In the first experience (entitled The Refusal of Time), at the center of a large dark room sits a vast opening/closing wooden bellows, like lungs, attached to, and moved by a series of wooden cranes…wooden oil derricks, slowly, rhythmically pumping life into the room… indifferent to the passage of time shown in the assemblage of videos that make up the content of the piece. In them, black squares form themselves into various animals (from nothing comes something…willed into being by the deus maximus of the artist-creator). It may be his lungs in the middle, but there’s no doubt that we’re in his head now. And in his head, where time present and time past exist in an ontology separate and apart from the linear time of the room, we become privy to the mix of memory, dream, thought and emotion that profile the artist. The vignettes of storylines build toward a series of silhouetted figures that dance, trudge, walk, carrying their lives with them (one figure is scrubbing away in a bath born on by others; others are playing instruments; while some are simply lumbering along burdened by the baggage of their lives). They seem to move all around the room as if there were no corners. It’s an image of the refugees that now encompass our own lives and which oppress the artist. And then in a flash, a stroke of the brush, they’re gone…replaced by a comical image of a dancing man…the safe image the artist must show, perhaps to elude (maybe now, certainly in the past) the opprobrium of the State.


In one environment (O Sentimental Machine, which is his most overtly critical of the corrupting influence of propaganda), he again plays with multiple ontologies. The central ‘event’ is of a woman walking past a vast mirror. But her image doesn’t quite reflect the ‘reality’. And so the real tries to accommodate the image…leading us to wonder to what extent who we are is a reflection of how we’re seen…and to what extent do we alter who we are to better reflect how we wish to be seen? It’s a kind of personal propaganda played out on the larger scene by the State.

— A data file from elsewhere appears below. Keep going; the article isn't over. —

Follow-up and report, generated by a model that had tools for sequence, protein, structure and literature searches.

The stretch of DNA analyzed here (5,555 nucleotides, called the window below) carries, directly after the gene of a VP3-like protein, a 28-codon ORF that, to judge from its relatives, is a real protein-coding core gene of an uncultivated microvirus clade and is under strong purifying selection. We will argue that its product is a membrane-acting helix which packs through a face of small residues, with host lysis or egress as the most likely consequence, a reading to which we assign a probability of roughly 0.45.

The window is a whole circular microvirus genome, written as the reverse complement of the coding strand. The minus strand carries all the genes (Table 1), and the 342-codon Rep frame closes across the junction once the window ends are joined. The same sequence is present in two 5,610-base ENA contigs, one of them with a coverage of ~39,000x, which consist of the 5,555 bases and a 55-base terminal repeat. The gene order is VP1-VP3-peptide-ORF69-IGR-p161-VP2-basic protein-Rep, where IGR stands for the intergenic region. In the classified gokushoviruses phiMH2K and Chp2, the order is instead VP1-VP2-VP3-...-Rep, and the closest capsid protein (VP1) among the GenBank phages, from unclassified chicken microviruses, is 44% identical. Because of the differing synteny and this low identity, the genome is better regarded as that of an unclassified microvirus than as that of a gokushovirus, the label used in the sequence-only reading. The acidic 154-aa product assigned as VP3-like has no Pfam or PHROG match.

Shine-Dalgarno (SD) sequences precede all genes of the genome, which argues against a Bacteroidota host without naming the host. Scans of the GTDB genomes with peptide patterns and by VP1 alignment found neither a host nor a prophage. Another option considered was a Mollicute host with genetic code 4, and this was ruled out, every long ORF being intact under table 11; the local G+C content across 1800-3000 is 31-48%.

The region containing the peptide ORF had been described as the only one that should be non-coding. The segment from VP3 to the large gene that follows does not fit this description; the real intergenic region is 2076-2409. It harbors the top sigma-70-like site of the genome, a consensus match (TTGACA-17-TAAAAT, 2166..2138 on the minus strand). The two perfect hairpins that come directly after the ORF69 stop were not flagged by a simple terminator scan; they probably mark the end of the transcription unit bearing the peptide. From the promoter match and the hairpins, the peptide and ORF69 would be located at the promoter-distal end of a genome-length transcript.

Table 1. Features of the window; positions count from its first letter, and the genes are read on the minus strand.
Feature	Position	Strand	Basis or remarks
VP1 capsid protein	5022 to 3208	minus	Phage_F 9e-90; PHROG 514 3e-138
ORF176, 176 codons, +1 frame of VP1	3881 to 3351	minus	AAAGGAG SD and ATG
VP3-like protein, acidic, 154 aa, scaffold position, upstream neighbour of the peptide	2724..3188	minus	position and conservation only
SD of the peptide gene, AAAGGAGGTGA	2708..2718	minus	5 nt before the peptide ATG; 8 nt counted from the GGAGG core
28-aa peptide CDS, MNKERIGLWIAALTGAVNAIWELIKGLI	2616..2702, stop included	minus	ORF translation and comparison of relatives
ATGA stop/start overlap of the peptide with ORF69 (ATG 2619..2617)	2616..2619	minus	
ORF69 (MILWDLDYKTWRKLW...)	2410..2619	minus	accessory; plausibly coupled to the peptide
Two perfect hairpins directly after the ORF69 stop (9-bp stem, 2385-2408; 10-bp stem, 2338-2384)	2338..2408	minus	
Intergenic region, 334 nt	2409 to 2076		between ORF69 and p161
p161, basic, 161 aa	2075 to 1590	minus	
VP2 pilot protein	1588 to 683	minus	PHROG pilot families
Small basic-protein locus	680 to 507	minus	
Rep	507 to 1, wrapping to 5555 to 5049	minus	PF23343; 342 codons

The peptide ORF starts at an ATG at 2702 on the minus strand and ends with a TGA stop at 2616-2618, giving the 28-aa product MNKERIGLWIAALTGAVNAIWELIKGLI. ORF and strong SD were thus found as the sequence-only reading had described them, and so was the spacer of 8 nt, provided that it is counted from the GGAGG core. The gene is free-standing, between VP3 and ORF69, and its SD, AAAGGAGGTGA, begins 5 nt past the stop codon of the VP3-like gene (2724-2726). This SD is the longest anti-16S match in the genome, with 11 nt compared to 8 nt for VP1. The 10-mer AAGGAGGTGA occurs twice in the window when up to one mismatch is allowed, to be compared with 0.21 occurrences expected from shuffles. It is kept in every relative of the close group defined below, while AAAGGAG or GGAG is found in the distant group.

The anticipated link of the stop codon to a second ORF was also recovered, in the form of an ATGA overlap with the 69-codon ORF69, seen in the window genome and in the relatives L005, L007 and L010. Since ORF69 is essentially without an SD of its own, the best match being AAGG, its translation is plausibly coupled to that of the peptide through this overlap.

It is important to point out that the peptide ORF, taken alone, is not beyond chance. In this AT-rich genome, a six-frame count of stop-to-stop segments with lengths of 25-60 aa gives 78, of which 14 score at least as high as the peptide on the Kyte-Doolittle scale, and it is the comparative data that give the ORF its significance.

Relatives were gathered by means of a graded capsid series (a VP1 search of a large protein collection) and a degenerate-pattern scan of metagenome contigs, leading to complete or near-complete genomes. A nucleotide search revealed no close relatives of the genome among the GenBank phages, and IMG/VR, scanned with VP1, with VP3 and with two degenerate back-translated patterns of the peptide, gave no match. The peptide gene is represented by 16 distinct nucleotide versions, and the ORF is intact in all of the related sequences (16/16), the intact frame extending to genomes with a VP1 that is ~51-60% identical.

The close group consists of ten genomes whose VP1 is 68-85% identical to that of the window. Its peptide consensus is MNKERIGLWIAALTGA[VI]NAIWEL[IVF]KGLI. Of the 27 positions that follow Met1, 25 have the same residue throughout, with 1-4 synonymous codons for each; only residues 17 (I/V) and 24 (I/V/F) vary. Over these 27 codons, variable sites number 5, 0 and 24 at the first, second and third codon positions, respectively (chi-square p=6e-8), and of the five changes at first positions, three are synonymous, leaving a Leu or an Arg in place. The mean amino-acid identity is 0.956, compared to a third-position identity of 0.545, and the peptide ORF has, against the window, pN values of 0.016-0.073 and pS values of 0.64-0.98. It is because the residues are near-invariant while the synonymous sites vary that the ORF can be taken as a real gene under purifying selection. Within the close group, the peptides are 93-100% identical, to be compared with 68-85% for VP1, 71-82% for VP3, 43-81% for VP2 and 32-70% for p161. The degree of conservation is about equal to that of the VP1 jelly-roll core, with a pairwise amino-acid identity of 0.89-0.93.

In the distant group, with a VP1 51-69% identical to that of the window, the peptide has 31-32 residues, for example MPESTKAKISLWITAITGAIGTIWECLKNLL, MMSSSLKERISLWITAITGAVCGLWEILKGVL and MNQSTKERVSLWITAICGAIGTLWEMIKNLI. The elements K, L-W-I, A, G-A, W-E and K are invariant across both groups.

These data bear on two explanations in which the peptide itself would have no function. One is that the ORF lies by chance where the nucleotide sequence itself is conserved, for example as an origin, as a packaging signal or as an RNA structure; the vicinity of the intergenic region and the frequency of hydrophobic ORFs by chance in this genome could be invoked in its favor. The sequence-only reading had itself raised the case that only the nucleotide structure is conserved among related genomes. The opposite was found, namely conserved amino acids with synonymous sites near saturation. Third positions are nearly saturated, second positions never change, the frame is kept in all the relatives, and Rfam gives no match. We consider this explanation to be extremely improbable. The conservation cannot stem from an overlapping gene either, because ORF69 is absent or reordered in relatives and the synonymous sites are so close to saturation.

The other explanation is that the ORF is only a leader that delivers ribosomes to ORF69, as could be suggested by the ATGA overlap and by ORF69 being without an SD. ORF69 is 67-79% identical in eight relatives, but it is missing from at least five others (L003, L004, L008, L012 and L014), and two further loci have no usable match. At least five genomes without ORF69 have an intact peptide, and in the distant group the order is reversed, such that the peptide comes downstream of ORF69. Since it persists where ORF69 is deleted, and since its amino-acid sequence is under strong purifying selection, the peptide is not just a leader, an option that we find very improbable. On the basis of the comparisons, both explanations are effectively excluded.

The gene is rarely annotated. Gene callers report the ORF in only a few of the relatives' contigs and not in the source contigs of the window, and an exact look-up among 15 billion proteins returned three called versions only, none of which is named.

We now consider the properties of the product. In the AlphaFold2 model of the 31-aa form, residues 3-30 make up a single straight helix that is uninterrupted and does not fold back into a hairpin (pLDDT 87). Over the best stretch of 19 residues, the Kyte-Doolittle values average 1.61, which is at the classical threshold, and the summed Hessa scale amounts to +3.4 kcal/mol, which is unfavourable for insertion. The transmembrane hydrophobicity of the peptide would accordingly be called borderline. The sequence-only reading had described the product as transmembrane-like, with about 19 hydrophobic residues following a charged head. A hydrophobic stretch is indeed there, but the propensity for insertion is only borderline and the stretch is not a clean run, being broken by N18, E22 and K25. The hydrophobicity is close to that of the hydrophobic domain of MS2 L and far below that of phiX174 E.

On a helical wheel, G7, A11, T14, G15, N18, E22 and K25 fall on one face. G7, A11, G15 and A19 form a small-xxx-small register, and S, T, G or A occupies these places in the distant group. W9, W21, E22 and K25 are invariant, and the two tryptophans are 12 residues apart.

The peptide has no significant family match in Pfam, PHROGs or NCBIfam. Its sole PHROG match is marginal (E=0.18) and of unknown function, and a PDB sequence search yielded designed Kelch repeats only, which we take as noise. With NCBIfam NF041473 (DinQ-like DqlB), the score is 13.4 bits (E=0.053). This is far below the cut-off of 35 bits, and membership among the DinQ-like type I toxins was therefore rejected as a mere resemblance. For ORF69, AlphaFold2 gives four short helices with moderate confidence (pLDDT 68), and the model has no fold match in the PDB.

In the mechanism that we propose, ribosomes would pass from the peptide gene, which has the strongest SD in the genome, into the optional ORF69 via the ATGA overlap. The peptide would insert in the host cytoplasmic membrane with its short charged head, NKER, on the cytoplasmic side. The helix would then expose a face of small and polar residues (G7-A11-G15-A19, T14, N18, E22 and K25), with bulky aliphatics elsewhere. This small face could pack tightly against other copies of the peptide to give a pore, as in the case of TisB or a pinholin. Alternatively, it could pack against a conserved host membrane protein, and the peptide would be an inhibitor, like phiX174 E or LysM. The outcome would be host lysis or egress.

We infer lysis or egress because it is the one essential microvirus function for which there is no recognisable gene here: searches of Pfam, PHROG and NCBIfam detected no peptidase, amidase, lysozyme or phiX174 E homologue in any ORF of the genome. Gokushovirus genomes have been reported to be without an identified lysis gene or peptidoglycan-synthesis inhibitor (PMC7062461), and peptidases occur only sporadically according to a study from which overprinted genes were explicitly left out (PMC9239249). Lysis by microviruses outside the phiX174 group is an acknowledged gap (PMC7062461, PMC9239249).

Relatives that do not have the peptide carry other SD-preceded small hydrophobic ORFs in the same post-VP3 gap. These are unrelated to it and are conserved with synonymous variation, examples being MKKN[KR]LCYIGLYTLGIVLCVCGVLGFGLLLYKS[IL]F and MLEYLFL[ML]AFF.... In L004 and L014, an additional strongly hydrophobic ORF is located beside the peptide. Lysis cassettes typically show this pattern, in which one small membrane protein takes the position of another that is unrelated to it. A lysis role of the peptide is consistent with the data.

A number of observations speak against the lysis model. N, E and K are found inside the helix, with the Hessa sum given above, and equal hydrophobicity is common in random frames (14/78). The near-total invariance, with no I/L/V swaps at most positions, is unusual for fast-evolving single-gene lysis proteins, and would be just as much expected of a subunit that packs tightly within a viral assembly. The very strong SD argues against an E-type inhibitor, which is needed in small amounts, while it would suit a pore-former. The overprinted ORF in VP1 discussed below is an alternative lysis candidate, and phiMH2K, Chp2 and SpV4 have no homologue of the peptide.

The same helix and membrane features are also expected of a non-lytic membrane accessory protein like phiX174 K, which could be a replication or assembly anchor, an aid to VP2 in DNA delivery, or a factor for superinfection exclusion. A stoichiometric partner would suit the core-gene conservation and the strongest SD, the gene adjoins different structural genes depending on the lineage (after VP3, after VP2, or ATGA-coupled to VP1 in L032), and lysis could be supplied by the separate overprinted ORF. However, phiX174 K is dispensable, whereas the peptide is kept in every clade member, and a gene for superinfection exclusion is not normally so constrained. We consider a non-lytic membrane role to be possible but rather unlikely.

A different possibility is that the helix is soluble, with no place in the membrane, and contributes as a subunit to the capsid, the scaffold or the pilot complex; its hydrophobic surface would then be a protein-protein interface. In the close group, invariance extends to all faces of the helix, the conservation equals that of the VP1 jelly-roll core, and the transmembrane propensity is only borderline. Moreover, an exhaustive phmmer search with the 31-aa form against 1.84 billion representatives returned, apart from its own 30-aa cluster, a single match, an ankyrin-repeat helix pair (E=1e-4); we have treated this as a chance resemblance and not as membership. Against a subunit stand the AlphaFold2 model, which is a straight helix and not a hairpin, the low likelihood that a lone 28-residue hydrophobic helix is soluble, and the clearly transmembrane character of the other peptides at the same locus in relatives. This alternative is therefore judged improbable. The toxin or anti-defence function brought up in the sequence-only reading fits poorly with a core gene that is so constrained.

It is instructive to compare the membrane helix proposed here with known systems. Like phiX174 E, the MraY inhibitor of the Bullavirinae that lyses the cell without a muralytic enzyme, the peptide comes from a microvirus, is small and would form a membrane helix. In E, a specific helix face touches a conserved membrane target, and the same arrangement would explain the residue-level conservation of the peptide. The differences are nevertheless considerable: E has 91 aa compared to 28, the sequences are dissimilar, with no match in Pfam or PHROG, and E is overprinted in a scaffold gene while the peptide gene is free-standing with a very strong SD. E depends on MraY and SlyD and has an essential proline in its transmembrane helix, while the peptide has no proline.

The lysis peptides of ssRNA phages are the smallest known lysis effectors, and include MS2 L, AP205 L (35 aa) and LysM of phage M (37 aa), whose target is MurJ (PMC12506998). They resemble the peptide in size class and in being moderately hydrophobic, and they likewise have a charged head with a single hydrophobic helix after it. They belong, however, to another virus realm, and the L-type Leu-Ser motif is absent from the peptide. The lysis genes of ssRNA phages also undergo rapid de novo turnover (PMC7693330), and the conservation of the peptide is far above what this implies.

Kentridge is of course the genius behind it all. But these grand complex pieces are such masterpieces of computer wizardry, clever engineering and superb, old-fashioned musical compositions, that what shines through is the power of collaboration. Like a master conductor, Kentridge has harnessed and integrated a kaleidoscope of talent in service of thought provoking ideas.

And in these days where the gestalt of life seems to lie in political divisiveness and disintegration, it seems only the grand art of people like Kentridge can lead us back away from fragmentation to some sense of wholeness.


A United Kingdom**** Uplifting


Amma Asante’s brilliant new movie, “A United Kingdom” is part tender love story, part virulent attack on (one of the many) ugly side(s) of the British Empire. She pulls off the delicate balancing act of engaging us in the very human, intimate story of a love, powerful enough to take on the anger of the empire (and the contempt of its citizens), while at the same time, telling the bigger story about leadership, nation building and freedom. To Asante, these two parallel stories embody the tensions of love/togetherness/nobility on the one hand, versus empire/division/dishonesty on the other.

The story is set in the period just after the war, in a perennially grey, foggy, cold London…where Ruth Williams (a compellingly strong Rosalind Pike) meets and falls in love with Seretse Khama (David Oyelowo, from “Selma”). The problem is, she’s White and he’s Black. And to the White society in which they lived at the time, this interracial cohabiting is an abomination. Because of her choice of a mate, Ruth slips from dutiful daughter and trusted worker to someone contemptible; someone to be expunged- from family (her father is the first person to reject her) and from society.

The more complex problem is that Seretsy is no ‘mere’ Black man: he is Prince Seretse Khama, the King in waiting to the British Protectorate, then called Bechuanaland (now Botswana). There, a parallel rejection occurs: Seretse’s uncle (Vusi Kunene), his de facto father, and the present ruler, will not tolerate a White daughter in law. As he puts it, just as there would be no tolerance for a British Royal to marry a Black person, so too there can be no tolerance for the Royal family of Botswana to accept a White outsider as the country’s queen.